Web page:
Cherokee leader John Ross went to Washington to ask the Supreme Court to rule in favor of his people and allow them to keep their land. In 1832, Chief Justice John Marshall and the U.S. Supreme Court ruled that the Cherokee Nation was not subject to the laws of the United States and therefore had a right to their land. The Cherokee would have to agree to removal in a treaty (which would also have to be ratified by the Senate).

A treaty with one of the Cherokee leaders gave Jackson the legal document he needed to remove the Indians. The U.S. Senate ratified the treaty by one vote over the objections of such leaders as Daniel Webster and Henry Clay.

In one of the saddest chapters in American history, the Indians were taken from their land, herded into makeshift forts, and forced to march a thousand miles. Often there was not enough food or shelter. Four thousand Cherokees died on the march to Oklahoma. This forced removal has been called “the Trail of Tears.”

The Seminole resisted this forced march. Their leader Osceola fought the U.S. Army in the swamps of Florida with great success. However, when the Seminoles raised the white flag in truce, the U.S. Army seized Osceola. He died in prison a year later.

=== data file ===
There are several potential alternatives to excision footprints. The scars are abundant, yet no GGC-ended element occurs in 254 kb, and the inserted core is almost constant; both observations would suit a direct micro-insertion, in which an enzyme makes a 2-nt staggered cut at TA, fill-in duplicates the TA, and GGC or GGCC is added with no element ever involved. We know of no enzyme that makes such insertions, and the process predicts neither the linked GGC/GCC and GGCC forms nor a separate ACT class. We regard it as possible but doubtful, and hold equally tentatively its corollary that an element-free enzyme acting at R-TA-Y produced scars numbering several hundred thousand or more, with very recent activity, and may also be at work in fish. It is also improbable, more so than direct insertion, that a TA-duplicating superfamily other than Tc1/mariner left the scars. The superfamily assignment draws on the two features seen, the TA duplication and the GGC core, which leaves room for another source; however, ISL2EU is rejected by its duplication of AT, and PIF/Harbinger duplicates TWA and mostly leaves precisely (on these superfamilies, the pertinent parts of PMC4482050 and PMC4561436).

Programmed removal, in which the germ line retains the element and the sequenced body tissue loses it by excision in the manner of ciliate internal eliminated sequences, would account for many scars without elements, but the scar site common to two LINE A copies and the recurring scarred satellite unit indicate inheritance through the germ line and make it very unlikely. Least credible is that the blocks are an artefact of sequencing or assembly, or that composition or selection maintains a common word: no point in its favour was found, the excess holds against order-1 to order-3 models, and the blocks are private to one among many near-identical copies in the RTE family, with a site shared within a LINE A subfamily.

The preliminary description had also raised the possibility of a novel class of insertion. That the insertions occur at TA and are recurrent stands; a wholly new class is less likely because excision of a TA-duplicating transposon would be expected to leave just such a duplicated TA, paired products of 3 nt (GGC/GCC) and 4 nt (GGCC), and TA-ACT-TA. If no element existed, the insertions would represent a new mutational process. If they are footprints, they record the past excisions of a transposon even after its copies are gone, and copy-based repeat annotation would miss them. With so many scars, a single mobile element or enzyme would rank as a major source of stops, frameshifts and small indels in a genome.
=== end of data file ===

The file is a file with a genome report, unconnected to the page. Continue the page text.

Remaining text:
Those who made it to Oklahoma did not fare much better. Although Oklahoma was Indian Territory, settlers began to show interest in the land. So the government began to push Indians onto smaller and smaller reservations. The final blow came with the Homestead Act of 1862 which gave one hundred sixty acres to anyone who paid a ten-dollar filing fee and agreed to improve the land for five years.

Indian Wars in the West

Until the 1860s, the Plains Indians were not significantly affected by the white man. But the advance of the settlers and the transcontinental railroad had a devastating impact on their way of life. The railroads cut the Great Plains in half so that the west was no longer the place where the buffalo roam. Prospectors ventured onto Indians lands seeking valuable minerals. So it was inevitable that war would break out. Between 1869 and 1878, over two hundred pitched battles took place primarily with the Sioux, Apache, Comanche, and Cheyenne.

The impact of an endless stream of settlers had the effect of forcing the Plains Indians onto smaller and smaller reservations. Even though the government signed various treaties with the Indians, they were almost always broken. Approximately three hundred seventy treaties were signed from 1778 to 1871 while an estimated eighty or ninety agreements were also entered into between 1871 and 1906.{12}

One of the most famous Indian battles was “Custer’s Last Stand.” Sioux and Cheyenne warriors, led by Crazy Horse and Sitting Bull, fought against Lieutenant Colonel George Armstrong Custer. The Battle of Little Big Horn actually wasn’t much of a battle. Custer was ordered to observe a large Sioux camp. But he decided to attack even though he was warned they might be greatly outnumbered. It turns out they were outnumbered ten to one. Within an hour, Custer and all his men were dead.